Retrospective Analysis of Non-Contact ACL Injury Risk: A Case Series Review of Elite Female Athletes
Lee Herrington* and Ros Cooke
Published: 06 February, 2017 | Volume 2 - Issue 1 | Pages: 001-008
Background: Literature on ACL injury is limited when assessing for the presence and interaction of multiple risk factors simultaneously. Identifying risk factor interaction may increase the impact of prevention programmes to target ACL injury reduction. The aim of this study was to retrospectively assess ACL injured female athletes to identify which modifiable and non-modifiable risk factors were present at the time of injury.
Method: Seventeen female athletes who had sustained a non-contact ACL injury were interviewed retrospectively to assess for the presence of reported risk factors for ACL injury.
Result: This retrospective analysis ACL injury cases highlighted a number of factors which were present with high frequency across this group of cases. All had non-contact ACL injury occurring during cutting or landing, which suggests a predisposing deficit in neuromuscular control. This poor neuromuscular control could be exacerbated by the presence of fatigue identified within the cohort. This poor control could be further influenced by the fact a majority of athletes had another significant injury in the 12 weeks prior to ACL injury. The restriction to training could have either decreased fatigue resistance, or potentially changed their movement pattern because of the method of injury management undertaken.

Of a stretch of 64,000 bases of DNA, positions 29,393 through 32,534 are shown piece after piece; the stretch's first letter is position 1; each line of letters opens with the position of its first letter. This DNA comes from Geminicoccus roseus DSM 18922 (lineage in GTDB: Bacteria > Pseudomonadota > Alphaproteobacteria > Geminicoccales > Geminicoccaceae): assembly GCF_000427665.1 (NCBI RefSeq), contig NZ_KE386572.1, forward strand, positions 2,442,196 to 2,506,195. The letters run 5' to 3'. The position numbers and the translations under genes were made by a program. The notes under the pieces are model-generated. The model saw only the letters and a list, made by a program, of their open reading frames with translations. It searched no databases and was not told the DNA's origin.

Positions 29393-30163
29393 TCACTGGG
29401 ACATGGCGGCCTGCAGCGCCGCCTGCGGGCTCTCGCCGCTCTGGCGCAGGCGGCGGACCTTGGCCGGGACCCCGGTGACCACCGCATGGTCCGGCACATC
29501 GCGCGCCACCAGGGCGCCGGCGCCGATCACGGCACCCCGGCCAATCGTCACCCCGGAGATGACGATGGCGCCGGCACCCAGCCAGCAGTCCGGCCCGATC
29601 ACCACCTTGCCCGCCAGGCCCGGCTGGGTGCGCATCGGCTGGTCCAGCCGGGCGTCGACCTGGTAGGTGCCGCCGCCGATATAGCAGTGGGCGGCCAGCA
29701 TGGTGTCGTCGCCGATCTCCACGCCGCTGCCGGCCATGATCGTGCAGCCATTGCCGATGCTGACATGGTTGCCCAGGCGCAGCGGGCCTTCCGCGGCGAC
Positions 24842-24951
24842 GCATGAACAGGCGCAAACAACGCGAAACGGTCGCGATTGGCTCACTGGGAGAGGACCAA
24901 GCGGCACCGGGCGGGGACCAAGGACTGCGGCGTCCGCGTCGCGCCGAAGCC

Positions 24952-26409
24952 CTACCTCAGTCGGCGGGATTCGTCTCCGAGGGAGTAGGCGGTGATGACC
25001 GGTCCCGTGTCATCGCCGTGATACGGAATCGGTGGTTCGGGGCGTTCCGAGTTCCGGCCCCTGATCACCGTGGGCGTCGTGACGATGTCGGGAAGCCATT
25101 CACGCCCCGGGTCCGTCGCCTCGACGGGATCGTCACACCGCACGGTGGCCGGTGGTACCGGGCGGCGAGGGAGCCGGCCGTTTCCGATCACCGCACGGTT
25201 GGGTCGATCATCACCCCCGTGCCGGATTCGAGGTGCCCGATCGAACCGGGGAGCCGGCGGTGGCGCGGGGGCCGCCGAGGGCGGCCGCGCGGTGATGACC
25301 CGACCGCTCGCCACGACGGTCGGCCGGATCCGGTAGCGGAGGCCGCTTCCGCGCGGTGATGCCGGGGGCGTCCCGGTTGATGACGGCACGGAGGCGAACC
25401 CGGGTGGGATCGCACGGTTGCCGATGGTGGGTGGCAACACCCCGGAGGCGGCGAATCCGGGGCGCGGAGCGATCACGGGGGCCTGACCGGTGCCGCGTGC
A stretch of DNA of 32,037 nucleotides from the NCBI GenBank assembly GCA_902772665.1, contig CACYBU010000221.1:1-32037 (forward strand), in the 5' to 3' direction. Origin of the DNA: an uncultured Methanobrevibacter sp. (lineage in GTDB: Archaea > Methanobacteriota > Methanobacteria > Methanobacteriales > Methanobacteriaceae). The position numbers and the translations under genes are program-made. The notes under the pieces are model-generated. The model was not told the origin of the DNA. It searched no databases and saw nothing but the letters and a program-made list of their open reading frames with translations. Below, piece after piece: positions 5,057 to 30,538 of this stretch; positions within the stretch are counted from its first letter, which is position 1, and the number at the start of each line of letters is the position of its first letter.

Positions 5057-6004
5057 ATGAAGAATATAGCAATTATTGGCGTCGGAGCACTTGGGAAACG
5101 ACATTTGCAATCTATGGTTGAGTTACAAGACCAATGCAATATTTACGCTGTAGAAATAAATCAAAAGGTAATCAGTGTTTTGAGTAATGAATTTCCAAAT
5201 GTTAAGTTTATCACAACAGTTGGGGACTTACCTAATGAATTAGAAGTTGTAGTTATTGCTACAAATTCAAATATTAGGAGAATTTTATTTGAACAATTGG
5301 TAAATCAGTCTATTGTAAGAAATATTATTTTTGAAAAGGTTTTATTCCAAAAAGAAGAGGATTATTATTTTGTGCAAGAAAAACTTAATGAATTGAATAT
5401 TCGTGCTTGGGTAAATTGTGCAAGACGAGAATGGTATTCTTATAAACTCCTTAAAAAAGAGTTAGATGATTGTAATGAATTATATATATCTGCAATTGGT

Conclusion: This case series provides insight into the interaction of risk factors for ACL injury in sportswomen, with the presence of another injury disrupting training, decreasing the athletes work capacity and fatigue resistance, being compounded perceived or actually elevated levels of fatigue, leading to the potential for abhorrent movement patterns and increased injury risk.
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ACL; Risk factors; Female
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